claude akpokavie, developing countries, education, electrical engineering, empowering women, gender, gender equality, girls encouragement, global women, global women's news, global workforce, human rights, humanities, international labour organization, labour markets, metered, science, skills training, social science, society, stereotypes, technology, traditional female occupations, UN Women, United Nations news, United Nations women, women advocacy, women and girls, women education, women empowerment, women in development, women in nuclear physics, women in workforce, women's advocacy, women's rights
UN News Centre - Thursday, 10 January 2013 (originally published 07 Jan)
7 January 2013 – Women and girls run the risk of being left behind in scientific and technological fields if countries do not put measures in place to address discrimination and change traditional attitudes, the United Nations said today, warning that this gap constitutes an obstacle to nations’ progress.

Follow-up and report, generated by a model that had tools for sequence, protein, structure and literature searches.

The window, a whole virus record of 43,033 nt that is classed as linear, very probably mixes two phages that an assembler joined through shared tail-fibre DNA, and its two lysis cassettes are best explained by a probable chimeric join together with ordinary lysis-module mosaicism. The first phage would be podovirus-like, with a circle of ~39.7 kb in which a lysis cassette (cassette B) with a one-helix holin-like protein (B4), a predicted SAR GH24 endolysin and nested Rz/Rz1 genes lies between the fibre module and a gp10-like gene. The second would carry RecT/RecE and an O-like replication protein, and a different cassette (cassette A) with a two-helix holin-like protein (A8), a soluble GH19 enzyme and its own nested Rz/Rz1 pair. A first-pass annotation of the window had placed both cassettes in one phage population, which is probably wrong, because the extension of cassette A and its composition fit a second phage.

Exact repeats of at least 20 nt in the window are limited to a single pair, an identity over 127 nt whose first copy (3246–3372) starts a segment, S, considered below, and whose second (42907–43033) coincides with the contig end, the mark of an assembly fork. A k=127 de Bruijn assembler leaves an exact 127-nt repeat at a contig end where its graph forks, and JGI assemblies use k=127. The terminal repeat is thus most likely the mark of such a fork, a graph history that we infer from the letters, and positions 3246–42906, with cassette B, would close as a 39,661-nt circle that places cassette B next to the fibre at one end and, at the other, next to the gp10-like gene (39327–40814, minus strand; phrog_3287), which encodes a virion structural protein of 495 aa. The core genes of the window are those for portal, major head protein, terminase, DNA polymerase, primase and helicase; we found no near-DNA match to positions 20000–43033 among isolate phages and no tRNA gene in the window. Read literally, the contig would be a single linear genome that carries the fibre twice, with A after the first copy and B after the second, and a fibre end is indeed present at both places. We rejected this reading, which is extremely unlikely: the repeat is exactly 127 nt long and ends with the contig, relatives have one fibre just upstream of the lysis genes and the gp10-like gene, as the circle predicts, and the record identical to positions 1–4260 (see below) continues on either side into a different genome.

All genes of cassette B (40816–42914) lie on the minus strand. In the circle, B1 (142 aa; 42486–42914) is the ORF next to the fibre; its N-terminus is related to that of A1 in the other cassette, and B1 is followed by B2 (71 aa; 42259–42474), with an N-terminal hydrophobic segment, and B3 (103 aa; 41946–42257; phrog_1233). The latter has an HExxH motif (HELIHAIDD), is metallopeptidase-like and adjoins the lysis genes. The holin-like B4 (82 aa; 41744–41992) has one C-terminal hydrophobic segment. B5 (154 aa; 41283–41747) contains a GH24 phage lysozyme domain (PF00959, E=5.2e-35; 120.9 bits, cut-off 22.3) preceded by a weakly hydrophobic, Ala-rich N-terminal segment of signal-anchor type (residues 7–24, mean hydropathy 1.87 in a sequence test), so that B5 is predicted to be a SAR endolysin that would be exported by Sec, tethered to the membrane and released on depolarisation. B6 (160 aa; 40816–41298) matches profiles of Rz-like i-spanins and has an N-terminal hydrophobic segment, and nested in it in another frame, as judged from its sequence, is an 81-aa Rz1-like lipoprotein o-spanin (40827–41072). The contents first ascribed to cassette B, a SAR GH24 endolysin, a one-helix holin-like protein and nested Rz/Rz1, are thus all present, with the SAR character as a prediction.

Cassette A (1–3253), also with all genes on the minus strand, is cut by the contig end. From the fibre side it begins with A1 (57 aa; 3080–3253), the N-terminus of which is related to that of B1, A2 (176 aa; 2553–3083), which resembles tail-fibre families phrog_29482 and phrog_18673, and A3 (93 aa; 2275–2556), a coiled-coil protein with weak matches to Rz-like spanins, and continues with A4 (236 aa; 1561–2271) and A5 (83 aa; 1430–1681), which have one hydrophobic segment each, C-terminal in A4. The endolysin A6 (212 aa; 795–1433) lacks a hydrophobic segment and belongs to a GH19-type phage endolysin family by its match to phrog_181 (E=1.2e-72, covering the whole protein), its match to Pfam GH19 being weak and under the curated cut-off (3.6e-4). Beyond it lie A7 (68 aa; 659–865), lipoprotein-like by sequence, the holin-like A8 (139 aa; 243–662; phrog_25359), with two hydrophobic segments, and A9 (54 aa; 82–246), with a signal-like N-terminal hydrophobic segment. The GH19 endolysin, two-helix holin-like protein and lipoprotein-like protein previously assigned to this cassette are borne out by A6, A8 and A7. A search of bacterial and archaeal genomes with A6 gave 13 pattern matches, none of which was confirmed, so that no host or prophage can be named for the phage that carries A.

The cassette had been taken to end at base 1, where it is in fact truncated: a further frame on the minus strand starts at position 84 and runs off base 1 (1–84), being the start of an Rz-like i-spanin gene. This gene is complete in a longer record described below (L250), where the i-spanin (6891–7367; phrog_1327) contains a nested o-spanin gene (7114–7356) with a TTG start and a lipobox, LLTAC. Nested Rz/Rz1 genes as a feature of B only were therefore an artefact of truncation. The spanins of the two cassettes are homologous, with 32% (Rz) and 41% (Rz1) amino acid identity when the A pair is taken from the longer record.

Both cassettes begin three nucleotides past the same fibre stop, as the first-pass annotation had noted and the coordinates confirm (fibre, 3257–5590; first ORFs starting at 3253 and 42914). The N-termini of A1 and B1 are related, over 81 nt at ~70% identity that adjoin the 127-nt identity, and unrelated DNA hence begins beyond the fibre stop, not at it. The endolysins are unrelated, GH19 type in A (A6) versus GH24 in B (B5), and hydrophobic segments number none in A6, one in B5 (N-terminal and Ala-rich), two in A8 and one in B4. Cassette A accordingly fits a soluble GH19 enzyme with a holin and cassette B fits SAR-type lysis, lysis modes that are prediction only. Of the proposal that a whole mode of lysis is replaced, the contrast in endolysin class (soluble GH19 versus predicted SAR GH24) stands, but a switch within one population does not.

“Women tend to be overrepresented in the humanities and social sciences, and underrepresented in science and technology,” said an official from the world body’s International Labour Organization’s (ILO) Bureau for Workers’ Activities, Claude Akpokavie. “Measures need to be put in place to redress this imbalance.”
According to ILO, the gap between men and women in the scientific and technological fields is linked to pervasive gender roles and attitudes in different societies – visible in both developed and developing countries – which encourage girls to pursue ‘softer’ subjects . . .